Q: Did you grow up a fan of both rap and photography? Or did one lead you into the other?
Chi Modu: Well, I actually was always a fan of hip-hop. When I was in college Run-DMC was bubbling up, LL Cool J, The Beastie Boys, and all that, so that was my freshman, sophomore year in college, so hip hop was starting to take shape. There were a lot of mix tapes coming out of New York City, which we were close to ’cause I went to college in New Jersey, so I saw the movement happening. But at my core, I’m a photographer first, and I think a lot of people get it confused ’cause they think that just ’cause you like hip hop means you can take photographs of rappers, but it’s not really the same thing.
A photographer is really an observer, and that’s what I did for my career. I was a documentarian photojournalist, so my approach to photographing hip-hop was to sort of tell the stories behind the movement, and I think there are plenty of movement that occur, both before and after, but the ones that really stay around are ones that have a nice historical record of what was going on at the time. That’s what I tried to do with the camera, so, yes I was a fan of hip hop, but first and foremost, I was a fan of photography.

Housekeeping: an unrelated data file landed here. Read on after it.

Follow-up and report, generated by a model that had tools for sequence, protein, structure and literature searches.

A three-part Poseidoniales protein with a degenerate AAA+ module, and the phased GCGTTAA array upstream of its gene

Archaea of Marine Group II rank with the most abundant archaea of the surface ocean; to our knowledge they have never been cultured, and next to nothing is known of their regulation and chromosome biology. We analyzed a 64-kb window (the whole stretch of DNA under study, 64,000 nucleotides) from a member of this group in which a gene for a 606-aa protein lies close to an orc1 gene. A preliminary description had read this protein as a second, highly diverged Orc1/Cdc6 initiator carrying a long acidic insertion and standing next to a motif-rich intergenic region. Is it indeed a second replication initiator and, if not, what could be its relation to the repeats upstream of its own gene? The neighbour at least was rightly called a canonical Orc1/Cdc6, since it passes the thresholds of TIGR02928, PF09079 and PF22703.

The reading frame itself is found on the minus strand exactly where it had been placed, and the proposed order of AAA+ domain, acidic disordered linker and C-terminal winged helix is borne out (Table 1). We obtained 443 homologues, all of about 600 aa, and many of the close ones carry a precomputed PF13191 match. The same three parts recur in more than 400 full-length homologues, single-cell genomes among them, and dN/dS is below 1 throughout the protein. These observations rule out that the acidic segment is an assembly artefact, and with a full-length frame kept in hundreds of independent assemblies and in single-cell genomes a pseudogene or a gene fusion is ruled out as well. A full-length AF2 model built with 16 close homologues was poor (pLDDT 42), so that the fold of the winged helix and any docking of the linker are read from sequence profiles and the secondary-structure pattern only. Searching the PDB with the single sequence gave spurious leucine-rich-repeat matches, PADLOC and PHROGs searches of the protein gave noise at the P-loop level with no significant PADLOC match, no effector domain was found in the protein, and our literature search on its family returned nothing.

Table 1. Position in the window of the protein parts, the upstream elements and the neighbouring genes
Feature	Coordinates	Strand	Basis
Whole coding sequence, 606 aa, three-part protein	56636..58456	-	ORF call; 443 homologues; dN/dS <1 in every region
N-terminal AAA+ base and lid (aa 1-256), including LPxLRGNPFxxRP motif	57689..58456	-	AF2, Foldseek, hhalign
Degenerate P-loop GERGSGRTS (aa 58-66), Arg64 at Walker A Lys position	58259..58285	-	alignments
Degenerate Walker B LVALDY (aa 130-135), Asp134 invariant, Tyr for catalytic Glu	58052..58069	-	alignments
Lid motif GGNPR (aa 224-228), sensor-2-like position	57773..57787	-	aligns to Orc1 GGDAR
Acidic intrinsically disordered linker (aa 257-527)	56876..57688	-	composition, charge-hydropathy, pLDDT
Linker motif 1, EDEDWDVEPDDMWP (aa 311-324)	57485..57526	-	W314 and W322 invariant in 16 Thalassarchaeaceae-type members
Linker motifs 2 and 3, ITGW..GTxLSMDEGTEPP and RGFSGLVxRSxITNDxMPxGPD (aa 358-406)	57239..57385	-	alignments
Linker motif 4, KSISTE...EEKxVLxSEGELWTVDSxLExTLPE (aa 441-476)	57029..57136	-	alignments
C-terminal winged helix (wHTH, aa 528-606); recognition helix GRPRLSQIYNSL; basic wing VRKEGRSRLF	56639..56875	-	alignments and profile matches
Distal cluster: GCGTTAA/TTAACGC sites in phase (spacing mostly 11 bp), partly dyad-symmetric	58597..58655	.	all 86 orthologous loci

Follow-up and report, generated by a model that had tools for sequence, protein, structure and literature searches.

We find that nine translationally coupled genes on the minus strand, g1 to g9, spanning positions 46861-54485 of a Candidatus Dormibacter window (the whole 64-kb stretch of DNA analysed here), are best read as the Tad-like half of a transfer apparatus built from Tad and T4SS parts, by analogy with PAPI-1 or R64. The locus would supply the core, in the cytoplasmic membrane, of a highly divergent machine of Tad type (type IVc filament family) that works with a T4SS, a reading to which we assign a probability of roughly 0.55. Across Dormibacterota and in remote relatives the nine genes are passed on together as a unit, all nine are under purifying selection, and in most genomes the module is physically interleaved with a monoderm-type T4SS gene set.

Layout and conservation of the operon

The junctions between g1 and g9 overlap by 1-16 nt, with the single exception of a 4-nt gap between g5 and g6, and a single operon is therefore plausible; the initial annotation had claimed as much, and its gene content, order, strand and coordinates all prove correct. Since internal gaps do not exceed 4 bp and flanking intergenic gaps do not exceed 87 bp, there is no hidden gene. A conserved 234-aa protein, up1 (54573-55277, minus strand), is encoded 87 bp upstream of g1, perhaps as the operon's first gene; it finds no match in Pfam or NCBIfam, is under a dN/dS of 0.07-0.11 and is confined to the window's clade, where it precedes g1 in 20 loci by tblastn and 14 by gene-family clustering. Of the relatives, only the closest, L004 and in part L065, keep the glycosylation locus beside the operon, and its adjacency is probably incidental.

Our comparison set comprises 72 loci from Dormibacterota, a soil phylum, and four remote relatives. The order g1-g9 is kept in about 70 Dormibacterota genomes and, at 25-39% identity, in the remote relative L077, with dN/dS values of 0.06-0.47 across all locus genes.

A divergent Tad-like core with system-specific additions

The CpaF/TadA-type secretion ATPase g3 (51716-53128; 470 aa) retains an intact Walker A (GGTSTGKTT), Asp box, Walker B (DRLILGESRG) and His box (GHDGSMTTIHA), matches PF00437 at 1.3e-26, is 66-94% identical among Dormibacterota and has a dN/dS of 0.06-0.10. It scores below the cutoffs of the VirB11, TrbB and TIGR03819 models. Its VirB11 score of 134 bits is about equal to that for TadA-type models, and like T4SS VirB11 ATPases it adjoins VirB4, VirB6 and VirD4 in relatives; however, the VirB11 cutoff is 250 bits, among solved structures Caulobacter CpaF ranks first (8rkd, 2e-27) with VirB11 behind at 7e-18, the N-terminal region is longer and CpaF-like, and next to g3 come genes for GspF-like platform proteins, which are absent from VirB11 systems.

Q: Nineties hip hop, specifically so-called gangsta rap, was never really seen by the mainstream as vibrant nor beautiful. Could you see that vibrancy and that beauty in the scene before you started all this?